• FE&S' 2014 DSR of the Year: Jason Sem

  • Designing for Multiple Generations

  • DSR of the Month, August 2014: Phil Blas, Smallwares Sales Manager Smith & Greene Co., Kent, Wash.

  • Crossings Restaurant in South Pasadena, Calif.

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jCarbonara
Joe Carbonara

Meaningful Value: Innovation and Information Sharing

W hen the economy tanked seven years ago, innovation became the panacea that was going to cure everyone's fiscal ills. Business leaders and politicians tripped over each other in a race to the microphone to let everyone know they were ready to lead the charge toward innovation, which ultimately would spark the economic growth the U.S. so desperately needed to break free from its economic tailspin.

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jMartinez
Juan Martinez

Designing for Flexibility: How Much Can You Afford Not to Do?

Many factors come into play when designing a restaurant. The décor and ambience represent obvious considerations but one design element many concepts fail to consider is building flexibility into the front-of-house, middle-of-house and back-of-house designs.

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jStiegler
Jerry Stiegler

Operators Concerned about Sysco Merger, Unit Growth Flat and More

 

Consumers kept a tight grip on their wallets in July, according to the U.S. Commerce Department but restaurant sales kept chugging along. Also, the NPD Group provides an update on unit growth while another study finds foodservice management optimistic about the future though they expressed some concerns about the Sysco/US Foods merger.

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Greg Christian
Greg Christian

Outcomes for Year One of a New, Self-Op School Lunch Program

As the 2014-2015 school year draws to a close, I'd like to share the final outcomes of Nardin Academy's new self-operated foodservice program.

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Highlights

Chain Innovators: Sizzler USA

Think stodgy when you think Sizzler? Think again. The 53-year-old steak and salad bar chain has recently made big moves to contemporize its menu, its look and feel, even the ways it goes to market. It's all part of a recently launched turnaround strategy designed to bring the chain back into action as a compelling fast-casual choice.

Sizzler USAThe revamp starts with the menu, where fresh ingredients and from-scratch preparations are now the order of the day. Certified meat cutters cut fresh, USDA Choice tri-tip steaks in house. Burgers are fresh, not frozen. Fresh salmon and trout are offered and Sizzler's Endless Salad, Soup, Hot Appetizer and Dessert bar now features made-from-scratch soups, hand-tossed salads, fresh-cut fruits and vegetables, and breads and desserts baked in house. An Ultimate Value Menu bundles a steak, chicken or shrimp entrée with the salad bar for as low as $9.99.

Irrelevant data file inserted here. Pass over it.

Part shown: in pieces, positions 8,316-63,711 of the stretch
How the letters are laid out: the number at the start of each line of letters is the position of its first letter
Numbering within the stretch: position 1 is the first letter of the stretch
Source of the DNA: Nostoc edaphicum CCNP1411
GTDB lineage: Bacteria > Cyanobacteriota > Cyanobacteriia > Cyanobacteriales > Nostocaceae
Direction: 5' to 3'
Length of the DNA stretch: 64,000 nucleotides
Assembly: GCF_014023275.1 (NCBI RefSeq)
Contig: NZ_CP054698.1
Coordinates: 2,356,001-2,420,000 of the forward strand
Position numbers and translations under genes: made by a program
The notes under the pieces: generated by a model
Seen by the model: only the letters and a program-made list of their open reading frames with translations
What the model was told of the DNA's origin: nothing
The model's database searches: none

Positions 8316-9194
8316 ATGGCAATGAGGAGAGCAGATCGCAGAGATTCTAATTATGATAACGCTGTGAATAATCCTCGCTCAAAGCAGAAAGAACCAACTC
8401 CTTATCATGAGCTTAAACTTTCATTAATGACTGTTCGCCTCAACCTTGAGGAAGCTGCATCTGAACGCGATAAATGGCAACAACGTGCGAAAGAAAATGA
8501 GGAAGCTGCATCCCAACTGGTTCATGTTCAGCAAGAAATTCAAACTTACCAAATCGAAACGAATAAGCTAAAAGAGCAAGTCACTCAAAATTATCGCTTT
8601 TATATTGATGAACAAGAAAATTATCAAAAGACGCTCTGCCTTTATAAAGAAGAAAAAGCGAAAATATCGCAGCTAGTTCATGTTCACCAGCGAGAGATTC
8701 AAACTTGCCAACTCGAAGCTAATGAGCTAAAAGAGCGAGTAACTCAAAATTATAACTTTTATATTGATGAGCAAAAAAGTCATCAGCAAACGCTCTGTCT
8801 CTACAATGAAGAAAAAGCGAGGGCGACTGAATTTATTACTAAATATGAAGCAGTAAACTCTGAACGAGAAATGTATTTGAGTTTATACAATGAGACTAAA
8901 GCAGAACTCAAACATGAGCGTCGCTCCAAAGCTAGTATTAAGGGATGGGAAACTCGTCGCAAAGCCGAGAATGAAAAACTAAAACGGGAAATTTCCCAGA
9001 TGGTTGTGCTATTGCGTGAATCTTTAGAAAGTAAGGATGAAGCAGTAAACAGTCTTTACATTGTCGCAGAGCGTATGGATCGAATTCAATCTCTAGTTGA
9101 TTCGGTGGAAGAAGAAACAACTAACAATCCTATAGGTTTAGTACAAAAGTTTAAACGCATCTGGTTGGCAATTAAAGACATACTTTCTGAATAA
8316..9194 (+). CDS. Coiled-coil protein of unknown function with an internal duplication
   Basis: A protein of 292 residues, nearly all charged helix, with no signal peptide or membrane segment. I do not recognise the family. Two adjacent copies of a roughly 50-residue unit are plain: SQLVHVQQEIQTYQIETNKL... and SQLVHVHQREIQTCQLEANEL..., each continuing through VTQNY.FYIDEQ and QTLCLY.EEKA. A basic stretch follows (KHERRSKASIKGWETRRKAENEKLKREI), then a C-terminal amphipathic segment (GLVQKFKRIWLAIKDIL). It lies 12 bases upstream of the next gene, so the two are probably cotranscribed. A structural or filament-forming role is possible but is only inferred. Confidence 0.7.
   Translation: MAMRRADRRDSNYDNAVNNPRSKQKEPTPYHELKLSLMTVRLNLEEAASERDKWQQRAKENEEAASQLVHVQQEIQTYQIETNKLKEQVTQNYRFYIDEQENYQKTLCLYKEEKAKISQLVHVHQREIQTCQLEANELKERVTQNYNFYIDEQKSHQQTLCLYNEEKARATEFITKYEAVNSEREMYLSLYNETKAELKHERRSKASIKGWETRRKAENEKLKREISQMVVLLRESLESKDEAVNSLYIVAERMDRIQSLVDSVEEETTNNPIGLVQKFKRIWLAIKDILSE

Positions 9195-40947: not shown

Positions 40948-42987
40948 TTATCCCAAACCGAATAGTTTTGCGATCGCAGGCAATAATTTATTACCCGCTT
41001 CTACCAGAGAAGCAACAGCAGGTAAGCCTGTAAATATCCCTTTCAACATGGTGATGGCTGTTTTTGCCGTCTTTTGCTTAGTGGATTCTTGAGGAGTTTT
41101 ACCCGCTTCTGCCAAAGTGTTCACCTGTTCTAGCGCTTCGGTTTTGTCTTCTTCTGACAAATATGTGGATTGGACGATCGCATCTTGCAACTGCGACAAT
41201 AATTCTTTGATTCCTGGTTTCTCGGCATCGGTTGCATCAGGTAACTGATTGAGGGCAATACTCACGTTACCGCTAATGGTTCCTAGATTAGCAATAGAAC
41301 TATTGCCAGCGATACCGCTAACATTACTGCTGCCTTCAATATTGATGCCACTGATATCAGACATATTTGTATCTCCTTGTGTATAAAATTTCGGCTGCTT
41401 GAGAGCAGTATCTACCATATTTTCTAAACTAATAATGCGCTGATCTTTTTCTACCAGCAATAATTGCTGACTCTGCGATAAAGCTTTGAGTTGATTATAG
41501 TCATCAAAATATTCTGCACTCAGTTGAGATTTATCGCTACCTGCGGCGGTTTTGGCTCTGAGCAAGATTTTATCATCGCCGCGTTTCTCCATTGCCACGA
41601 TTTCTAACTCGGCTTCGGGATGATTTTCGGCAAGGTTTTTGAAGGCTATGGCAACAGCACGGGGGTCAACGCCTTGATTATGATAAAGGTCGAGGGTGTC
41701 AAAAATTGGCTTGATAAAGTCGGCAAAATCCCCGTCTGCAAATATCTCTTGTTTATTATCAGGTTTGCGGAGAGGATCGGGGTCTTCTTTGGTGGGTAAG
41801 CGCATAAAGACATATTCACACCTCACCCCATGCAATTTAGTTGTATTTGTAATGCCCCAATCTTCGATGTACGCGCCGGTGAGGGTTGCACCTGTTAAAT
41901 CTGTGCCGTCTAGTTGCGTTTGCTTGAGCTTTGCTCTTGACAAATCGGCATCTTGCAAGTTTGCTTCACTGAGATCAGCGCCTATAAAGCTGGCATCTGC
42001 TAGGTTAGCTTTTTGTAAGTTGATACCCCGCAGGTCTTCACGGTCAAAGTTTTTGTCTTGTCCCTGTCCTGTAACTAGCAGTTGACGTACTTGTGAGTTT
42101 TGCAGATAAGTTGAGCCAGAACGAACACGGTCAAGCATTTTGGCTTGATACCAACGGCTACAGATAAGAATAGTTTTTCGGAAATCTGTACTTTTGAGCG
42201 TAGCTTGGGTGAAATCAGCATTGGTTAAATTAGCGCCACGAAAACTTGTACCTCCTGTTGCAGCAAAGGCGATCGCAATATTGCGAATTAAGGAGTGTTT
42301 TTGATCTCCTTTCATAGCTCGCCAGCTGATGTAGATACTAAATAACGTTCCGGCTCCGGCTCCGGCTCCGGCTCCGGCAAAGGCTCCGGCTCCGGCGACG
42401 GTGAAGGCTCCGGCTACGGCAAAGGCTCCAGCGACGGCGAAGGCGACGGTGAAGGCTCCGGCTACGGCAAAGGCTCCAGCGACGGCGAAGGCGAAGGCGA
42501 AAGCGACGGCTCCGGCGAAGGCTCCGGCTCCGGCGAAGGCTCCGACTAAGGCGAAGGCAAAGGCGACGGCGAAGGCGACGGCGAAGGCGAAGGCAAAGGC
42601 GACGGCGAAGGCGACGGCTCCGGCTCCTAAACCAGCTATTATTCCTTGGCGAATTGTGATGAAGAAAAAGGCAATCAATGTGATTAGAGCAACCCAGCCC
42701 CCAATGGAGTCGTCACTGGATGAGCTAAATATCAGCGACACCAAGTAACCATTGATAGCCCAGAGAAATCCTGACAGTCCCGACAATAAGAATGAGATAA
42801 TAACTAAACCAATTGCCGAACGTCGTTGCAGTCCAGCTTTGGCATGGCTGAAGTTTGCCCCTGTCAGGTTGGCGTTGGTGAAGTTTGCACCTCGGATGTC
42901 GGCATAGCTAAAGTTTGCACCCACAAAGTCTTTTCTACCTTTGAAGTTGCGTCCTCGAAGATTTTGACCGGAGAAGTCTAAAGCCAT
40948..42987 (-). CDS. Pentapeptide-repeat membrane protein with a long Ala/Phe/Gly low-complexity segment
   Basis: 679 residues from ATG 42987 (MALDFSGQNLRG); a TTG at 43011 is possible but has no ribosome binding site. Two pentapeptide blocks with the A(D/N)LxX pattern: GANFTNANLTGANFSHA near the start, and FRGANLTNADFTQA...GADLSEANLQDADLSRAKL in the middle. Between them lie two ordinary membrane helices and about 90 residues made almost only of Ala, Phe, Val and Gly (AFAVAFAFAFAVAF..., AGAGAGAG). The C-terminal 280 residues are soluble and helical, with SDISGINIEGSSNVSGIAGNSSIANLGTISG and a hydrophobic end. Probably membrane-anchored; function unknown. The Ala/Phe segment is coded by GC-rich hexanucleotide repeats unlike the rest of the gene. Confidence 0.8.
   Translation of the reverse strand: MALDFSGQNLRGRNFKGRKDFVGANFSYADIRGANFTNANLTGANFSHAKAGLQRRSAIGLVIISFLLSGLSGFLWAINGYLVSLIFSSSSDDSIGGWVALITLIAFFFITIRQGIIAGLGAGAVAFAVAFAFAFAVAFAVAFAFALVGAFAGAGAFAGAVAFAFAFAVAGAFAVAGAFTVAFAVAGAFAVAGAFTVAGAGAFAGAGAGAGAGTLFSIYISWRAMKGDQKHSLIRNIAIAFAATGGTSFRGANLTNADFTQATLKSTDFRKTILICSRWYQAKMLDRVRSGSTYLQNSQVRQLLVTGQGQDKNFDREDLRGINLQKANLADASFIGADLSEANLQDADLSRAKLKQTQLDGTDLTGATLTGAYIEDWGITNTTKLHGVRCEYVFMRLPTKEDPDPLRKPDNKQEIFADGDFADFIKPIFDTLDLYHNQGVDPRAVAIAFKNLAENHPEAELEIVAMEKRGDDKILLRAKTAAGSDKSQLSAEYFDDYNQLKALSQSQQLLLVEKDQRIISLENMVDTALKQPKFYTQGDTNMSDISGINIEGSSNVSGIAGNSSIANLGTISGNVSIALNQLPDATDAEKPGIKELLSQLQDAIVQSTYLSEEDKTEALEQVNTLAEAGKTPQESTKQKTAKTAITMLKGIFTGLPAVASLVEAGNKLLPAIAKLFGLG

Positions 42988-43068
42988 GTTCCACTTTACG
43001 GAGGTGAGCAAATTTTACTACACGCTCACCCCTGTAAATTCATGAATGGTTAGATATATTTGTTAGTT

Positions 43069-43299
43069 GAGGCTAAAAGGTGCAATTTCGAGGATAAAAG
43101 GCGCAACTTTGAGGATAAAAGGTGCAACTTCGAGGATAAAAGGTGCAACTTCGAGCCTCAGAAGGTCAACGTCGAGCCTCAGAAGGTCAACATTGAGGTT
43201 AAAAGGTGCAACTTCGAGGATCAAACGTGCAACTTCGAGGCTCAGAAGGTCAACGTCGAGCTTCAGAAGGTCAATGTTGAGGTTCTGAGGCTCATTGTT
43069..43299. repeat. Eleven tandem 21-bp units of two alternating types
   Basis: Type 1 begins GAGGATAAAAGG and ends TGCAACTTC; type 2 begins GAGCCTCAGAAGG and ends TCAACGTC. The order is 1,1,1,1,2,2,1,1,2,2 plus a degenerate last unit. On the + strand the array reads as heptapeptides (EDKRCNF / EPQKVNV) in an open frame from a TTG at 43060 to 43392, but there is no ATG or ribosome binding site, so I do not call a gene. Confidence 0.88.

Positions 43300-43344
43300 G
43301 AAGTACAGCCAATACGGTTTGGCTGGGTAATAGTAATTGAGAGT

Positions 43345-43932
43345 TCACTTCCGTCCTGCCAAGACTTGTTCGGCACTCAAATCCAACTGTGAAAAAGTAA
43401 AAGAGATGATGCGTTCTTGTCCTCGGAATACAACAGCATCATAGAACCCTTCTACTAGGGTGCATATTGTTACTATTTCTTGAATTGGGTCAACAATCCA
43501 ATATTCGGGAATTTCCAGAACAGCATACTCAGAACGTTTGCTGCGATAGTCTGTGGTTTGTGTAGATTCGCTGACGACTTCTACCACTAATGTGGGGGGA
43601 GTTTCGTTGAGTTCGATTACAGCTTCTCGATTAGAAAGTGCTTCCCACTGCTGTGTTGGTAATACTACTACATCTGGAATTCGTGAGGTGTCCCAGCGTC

A new interior prototype brings Sizzler's ambiance in line with its new food focus, says CEO Kerry Kramp. And new customer friendly initiatives such as an interactive ordering kiosk (in test), and a Weigh to Go takeout program, which lets guests pay for salad bar items by weight, are boosting sales. Since the 2009 unveiling of Sizzler's new prototype, 14 locations have implemented the new design resulting in sales increases ranging from 15 percent to 80 percent. Several more units are currently undergoing conversion.

Sizzler's even hitting the food truck space. One unit is in test and more are on the way. "It's a fun way to re-introduce people to Sizzler," says Kramp. "If they think we're cool enough to do great food on a food truck, they may think we're cool enough to check out our restaurants."

Fast Facts

  • Year founded: 1958
  • Headquarters: Culver City, Calif.
  • Menu specialties: Steak, seafood, salad bar
  • Service model: Fast-casual; family/casual
  • Units: 260 worldwide, 176 domestic
  • 2010 sales: $277 million
  • 2010 growth: Comparable store sales increased .03 percent systemwide
  • Key expansion markets: West Coast, Denver
  • Typical location: Freestanding restaurant
  • Average unit size: 5,000–6,500 sq. ft.
  • Average kitchen space: 1,800 sq. ft. (est.)
  • Average covers per day: 414
  • Average check: $11.95
  • Total equipment investment per unit: $350,000 (est.)
  • Total unit cost: $1.3 million (est.)
Key Players
  • President and CEO: Kerry Kramp
  • Chief Strategic Officer: Dennis Scott
  • Senior Director, Operations: Forbes Collins
  • Senior Director, Training and Safety: Khaled Bagul
  • Senior Director, Construction/Purchasing: Keith Ortiz
  • Director, Franchise Business Development: Mark Lyso
  • Food Distributor: U.S. Foodservice
  • Smallwares and Equipment Dealer: The Wasserstrom Company
  • Creative: Kovel/Fuller
  • Public Relations: Brad Ritter Communications
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